If payments are reduced, due to infringements (e.g. poaching), it is up to the elders to police and fine culprits (who are usually members of their community or local area).
CWCT employs 30 community rangers of which 10 are the first women rangers in the Mara, and 2 do undercover work against IWT.
Increasing incentives for wildlife stewardship
The owners of the land - the Maasai - are paid approximately US $10,000/month for the lease of 7,000 acres for a designated conservancy.
The scheme is based on lease payments that are competitive with alternative land use, such as agriculture and domestic livestock grazing.
Rent payments go to the entire community, not just a few leaders in the group- everyone gets an equal share.
Infringements of the agreed land use – e.g. poaching – triggers deductions in lease payments to the Maasai community leaders, who are then responsible for making up the deficit. This aspect of the agreement promotes a collective liability which is a powerful mechanism to enforce land use for wildlife.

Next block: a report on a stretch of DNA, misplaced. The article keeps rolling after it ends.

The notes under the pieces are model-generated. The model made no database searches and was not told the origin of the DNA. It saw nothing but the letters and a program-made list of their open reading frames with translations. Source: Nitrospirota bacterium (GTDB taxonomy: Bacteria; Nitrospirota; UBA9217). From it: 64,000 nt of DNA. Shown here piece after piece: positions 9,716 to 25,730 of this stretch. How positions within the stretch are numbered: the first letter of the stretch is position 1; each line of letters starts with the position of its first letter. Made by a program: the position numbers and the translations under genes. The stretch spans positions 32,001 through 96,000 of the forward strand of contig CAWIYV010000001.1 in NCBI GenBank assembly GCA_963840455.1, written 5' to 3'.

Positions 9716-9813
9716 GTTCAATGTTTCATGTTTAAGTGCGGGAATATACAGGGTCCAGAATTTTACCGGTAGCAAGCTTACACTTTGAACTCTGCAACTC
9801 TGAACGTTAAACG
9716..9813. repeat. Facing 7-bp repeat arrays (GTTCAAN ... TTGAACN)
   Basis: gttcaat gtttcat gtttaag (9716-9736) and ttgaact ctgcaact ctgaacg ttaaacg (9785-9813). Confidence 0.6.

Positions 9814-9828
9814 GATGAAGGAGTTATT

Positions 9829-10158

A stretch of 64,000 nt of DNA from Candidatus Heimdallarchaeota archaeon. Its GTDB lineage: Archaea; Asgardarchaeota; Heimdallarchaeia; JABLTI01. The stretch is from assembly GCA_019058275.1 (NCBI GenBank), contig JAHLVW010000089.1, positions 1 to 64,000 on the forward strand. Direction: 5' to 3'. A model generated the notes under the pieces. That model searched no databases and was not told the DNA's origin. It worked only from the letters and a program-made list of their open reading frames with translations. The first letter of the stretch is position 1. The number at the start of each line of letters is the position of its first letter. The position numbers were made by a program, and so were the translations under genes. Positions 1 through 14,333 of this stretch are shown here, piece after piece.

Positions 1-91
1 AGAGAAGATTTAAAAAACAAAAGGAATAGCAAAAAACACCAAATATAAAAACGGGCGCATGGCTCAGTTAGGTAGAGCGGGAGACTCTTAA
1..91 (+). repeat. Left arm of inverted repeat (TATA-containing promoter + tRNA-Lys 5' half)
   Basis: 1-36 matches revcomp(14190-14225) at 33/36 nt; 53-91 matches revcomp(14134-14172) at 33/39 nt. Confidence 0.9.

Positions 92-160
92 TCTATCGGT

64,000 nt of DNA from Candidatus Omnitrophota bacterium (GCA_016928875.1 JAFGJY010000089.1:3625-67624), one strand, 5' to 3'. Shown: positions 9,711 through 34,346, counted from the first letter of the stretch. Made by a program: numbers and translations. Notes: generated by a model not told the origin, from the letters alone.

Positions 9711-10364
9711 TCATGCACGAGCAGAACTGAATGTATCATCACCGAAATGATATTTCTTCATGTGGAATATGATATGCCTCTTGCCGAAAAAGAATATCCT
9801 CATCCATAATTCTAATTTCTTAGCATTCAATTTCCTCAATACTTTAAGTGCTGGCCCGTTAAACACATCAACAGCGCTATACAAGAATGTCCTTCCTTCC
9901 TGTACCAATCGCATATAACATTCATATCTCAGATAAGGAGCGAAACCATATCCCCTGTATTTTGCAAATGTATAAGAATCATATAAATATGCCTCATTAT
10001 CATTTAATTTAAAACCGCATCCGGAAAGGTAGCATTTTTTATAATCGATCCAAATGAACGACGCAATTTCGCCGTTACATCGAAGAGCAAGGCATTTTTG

Increasing livelihoods that are not related to wildlife
During the first five years the lease payments financed community projects – including schools, bursaries, a centre for girls and medical support.
Has the initiative made a difference?
Positive early indicators included a rise in the game count in the conservancy area, and the halting of fragmentation, fencing and farming. For now, lease payments are high enough to be competitive and the community see themselves as partners in conservation rather than being victims of government-enforced wildlife protection. New methods of making these payments, designed to guard against corruption, have been put in place – in spite of resistance from the Maasai elders some of whom would like the land fully available, years round, for their cattle (90 per cent of cattle in Maasailand is owned by the 10 per cent of the elders).